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The front of the store
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Mayvenn Storefront

The front of

NOTE: This document represents our goals, not necessarily our current state.


Storefront is built primarily using ClojureScript and Om, with a smidgen of Clojure.

Directory Structure

Storefront's source is first split into three src directories: src-clj, src-cljs, src-cljc. Naturally, these dirs correspond to the language files contained within them. The differences between the three files will be talked about more in a later section, for now let's refer to the top level as src*.

The next layer of directories corelates to modules. A module generally corresponds to a single feature or logical area of storefront. More on those in a bit.

Inside each module, there are components (representing a single react component of the site, both appearance and behavior), hooks (direct integration with javascript), accessors (transformation functions for commonly used datastructure), a single routes file (which defines that module's routes) and a core file (which simply imports all of the components for that module to make importing all cljs components easier).


There are 9 modules: core, account, catalog, checkout, dashboard, gallery, home, login.


This is the frame of storefront. It is the 'glue' which ties all of the modules together and it contains some utilities which are necessary across all modules. If code needs to be in more than one module, it probably goes into this module


This module contains the code involved in editing a user or stylist's information


This module contains the code involved in shopping.


This module contains the code involved in checking out.


This module contains the code involved in the stylist dashboard and the cash out now code.


This module contains the code involved in stylist gallery


This module contains the code involved in home page and static content


This module contains the code involved in logging in.


Storefront's is built around a single application state and 5 event systems. An event is a vector of keywords.


Storefront's application state (let's call it app-state) is a single om atom containing nested maps. It is dereferenced before it is in a usuable context, ie event handling code described below. We set and access values through keypaths which are vectors of keywords. For example, say you want to get the ID number of an order. That information is stored in the order, naturally. You can use the keypaths/order-number along with get-in to fetch that value.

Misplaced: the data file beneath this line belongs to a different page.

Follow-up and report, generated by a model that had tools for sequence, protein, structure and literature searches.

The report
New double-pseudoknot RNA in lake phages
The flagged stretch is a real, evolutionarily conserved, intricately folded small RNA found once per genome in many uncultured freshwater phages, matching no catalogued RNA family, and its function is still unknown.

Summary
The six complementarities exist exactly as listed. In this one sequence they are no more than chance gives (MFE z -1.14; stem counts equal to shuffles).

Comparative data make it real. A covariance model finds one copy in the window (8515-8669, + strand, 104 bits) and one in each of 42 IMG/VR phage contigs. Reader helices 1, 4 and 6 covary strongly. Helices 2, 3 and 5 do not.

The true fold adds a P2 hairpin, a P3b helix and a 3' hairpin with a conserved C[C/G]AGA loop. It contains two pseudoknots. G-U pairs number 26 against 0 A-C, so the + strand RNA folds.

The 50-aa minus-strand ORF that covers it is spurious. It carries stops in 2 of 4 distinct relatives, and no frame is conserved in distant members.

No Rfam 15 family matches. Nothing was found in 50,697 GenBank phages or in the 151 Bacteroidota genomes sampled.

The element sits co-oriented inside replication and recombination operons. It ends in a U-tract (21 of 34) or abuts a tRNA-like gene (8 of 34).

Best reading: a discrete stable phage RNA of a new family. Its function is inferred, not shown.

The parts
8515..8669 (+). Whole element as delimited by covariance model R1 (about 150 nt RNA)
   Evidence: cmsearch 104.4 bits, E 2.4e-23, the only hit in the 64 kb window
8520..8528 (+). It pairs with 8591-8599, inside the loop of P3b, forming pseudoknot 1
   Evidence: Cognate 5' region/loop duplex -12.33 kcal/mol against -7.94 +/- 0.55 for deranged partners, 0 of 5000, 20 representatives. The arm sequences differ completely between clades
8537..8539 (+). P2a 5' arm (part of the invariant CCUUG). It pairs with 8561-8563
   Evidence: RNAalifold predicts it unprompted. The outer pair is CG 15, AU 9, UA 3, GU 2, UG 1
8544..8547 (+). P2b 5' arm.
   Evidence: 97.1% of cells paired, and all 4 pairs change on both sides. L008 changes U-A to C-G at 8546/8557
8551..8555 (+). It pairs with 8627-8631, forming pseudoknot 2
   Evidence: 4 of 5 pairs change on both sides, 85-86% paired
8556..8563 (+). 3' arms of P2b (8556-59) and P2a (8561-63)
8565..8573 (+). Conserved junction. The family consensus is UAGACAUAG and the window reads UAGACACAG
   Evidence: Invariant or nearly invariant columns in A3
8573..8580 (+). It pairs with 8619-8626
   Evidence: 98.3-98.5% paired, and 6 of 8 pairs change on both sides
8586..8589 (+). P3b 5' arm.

(def app-state
 {:order {:number "W123456"}
  :ui    {:other :stuff}})

(get-in app-state keypaths/order-number)


Events are evaluated in a cascading manner, for example, examine the event navigate-checkout-returning-or-guest. It evaluates to [:navigate :checkout :returning :or :guest].


There are many multimethods for which events can have implementations. They are listed here in order of execution.

(defmulti transition-state
  (fn [dispatch event arguments app-state]

If a given event has a transition defmethod registered, then that code will execute and update application state. It should not be side-effectful and it must always return the application's state


If a given event has a effect defmethod registered, then that code will execute perform side-effectful operations such as API calls, external library operations or interactions with cookies. It should not have any side effects and it must always return the application's state. Effects can also dispatch further events.


All components should implement a query defmethod. Query is responsible for transforming data in app-state into the shape that the component needs.